Author's School

School of Engineering & Applied Science

Author's Department/Program

Energy, Environmental and Chemical Engineering


English (en)

Date of Award

January 2010

Degree Type


Degree Name

Doctor of Philosophy (PhD)

Chair and Committee

Daniel Giammar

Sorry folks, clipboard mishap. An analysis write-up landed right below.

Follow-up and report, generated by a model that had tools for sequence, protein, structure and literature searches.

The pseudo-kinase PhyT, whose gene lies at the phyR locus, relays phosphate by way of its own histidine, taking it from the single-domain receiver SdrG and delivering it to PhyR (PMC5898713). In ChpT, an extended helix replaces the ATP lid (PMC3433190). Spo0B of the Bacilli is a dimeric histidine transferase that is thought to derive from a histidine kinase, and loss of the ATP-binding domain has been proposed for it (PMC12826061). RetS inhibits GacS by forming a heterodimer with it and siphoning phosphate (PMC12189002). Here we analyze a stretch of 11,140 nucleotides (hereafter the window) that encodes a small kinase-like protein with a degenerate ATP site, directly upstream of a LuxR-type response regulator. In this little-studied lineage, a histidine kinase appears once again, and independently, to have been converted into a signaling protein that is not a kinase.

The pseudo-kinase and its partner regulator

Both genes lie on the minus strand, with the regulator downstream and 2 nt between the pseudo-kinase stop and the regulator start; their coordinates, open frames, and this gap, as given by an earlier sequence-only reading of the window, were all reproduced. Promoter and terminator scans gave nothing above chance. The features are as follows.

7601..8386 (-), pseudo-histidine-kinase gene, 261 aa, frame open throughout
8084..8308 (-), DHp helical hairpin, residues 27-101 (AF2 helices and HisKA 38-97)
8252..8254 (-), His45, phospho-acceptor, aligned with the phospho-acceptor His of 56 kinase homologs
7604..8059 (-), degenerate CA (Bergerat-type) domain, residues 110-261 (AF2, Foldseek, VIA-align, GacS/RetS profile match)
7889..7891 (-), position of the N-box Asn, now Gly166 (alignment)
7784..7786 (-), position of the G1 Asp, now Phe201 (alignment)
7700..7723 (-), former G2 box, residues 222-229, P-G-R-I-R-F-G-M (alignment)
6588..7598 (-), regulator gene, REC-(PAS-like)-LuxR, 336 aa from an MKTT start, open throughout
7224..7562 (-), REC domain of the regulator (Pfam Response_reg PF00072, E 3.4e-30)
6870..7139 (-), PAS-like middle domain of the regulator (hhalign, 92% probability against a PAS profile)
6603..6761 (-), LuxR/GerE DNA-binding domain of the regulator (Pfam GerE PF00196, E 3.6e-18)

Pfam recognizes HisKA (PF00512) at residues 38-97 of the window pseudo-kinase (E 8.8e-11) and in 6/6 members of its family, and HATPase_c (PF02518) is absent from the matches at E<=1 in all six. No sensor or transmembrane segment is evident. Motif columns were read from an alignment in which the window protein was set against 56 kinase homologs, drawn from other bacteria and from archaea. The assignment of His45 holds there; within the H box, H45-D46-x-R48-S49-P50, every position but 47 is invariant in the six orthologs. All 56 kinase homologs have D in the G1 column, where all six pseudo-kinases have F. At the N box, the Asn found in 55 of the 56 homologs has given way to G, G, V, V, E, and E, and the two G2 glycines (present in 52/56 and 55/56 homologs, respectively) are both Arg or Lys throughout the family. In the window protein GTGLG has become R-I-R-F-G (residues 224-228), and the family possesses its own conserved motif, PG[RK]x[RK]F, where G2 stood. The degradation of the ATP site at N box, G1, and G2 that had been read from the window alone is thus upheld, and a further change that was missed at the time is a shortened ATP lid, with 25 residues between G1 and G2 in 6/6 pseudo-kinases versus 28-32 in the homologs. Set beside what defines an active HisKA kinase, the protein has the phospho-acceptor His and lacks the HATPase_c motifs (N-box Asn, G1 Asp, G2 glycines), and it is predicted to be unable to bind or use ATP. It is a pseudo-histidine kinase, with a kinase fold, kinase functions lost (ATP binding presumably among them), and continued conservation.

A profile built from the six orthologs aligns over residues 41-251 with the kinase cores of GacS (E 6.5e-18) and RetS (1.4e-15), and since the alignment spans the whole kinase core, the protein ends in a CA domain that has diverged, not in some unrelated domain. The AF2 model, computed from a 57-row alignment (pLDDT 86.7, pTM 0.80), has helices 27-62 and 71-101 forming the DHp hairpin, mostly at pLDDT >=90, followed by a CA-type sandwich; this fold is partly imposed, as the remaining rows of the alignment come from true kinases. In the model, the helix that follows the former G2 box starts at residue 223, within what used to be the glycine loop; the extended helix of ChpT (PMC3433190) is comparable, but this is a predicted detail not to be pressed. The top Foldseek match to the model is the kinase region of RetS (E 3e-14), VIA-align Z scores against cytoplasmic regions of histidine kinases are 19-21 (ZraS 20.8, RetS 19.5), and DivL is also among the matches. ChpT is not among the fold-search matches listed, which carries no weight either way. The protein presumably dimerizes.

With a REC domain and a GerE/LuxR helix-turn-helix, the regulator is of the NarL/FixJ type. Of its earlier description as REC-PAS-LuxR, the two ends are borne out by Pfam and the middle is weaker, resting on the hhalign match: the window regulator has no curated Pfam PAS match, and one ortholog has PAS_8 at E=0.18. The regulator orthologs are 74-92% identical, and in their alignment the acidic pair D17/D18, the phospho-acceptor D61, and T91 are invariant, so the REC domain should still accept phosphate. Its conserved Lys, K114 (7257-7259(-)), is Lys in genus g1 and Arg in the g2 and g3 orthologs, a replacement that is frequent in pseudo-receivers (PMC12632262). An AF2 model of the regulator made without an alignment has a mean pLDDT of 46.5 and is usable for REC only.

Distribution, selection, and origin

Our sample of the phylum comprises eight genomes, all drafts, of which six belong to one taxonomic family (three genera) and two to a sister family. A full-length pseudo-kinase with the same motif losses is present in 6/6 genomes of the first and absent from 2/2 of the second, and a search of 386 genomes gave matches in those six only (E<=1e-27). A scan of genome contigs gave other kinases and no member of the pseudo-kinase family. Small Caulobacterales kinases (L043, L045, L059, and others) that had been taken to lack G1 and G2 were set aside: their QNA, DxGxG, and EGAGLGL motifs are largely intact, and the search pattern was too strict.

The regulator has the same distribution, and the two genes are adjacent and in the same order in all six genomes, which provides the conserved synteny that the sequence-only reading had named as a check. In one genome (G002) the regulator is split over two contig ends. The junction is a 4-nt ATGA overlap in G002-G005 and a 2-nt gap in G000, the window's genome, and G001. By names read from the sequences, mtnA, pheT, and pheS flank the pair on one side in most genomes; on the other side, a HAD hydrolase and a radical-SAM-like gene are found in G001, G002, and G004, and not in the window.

Soil and groundwater contamination with actinides like uranium is a serious environmental concern. Phosphate addition to uranium-contaminated soil and groundwater can potentially provide long-term in-situ U(VI) immobilization by precipitation of low solubility U(VI)-phosphates. Reactions at the iron: oxy)hydroxide-water interface can control macroscopic transport and long-term stability of uranium. First, the interactions among phosphate, U(VI), and goethite: alpha-FeOOH) were investigated in a year-long batch experimental study. Dissolved U(VI) and phosphate concentrations were interpreted within a reaction-based modeling framework. U(VI) uptake mechanism varied with the aqueous composition. For most initially supersaturated conditions, chernikovite, H3O(UO2)(PO4)*3H2O(s), nucleated homogeneously, but heterogeneous nucleation probably occurred in cases of mild supersaturation. For conditions undersaturated with respect to chernikovite, phosphate-enhanced U(VI) adsorption indicated the formation of a U(VI)-phosphate-Fe(III) oxide ternary surface complex. Second, molecular-scale structures of adsorbed and precipitated U(VI) from batch experiments were probed using X-ray absorption fine-structure: XAFS) spectroscopy for different total U(VI) concentrations over a pH range 4-7 in the absence and presence of phosphate. The structure of precipitated U(VI) fit the meta-autunite group structure. While U(VI) adsorbed as bidentate edge-sharing =Fe(OH)2UO2 and bidentate corner-sharing: =FeOH)2UO2 surface complexes in the absence of phosphate, it formed a ternary surface complex: =FeO)2UO2PO4 in the presence of phosphate. Third, the effect of transport on U(VI) uptake and remobilization mechanisms and rate was examined. Continuous-flow stirred tank reactor: CFSTR) experiments at pH 4 were conducted under conditions supersaturated and undersaturated with respect to chernikovite and analyzed using a combination of measured dissolved concentrations, microscopy, and XAFS spectroscopy. The rates of dominant U(VI) and phosphate uptake and remobilization mechanisms in the absence and presence of goethite were quantified using a flow-through reactor model. Finally, the effects of simultaneous Fe(III) uptake on iron: oxy)(hydr)oxides on U(VI) and phosphate uptake and remobilization were investigated at pH 4. Goethite-coated sand packed columns and goethite-containing CFSTRs were used to simulate environmental conditions favoring the growth of iron: oxy)(hydr)oxide. While the presence of co-influent Fe(III) increased the extent and rate of phosphate uptake its presence not only decreased U(VI) uptake on goethite but also limited the formation of stable phosphate-induced uranium surface species.



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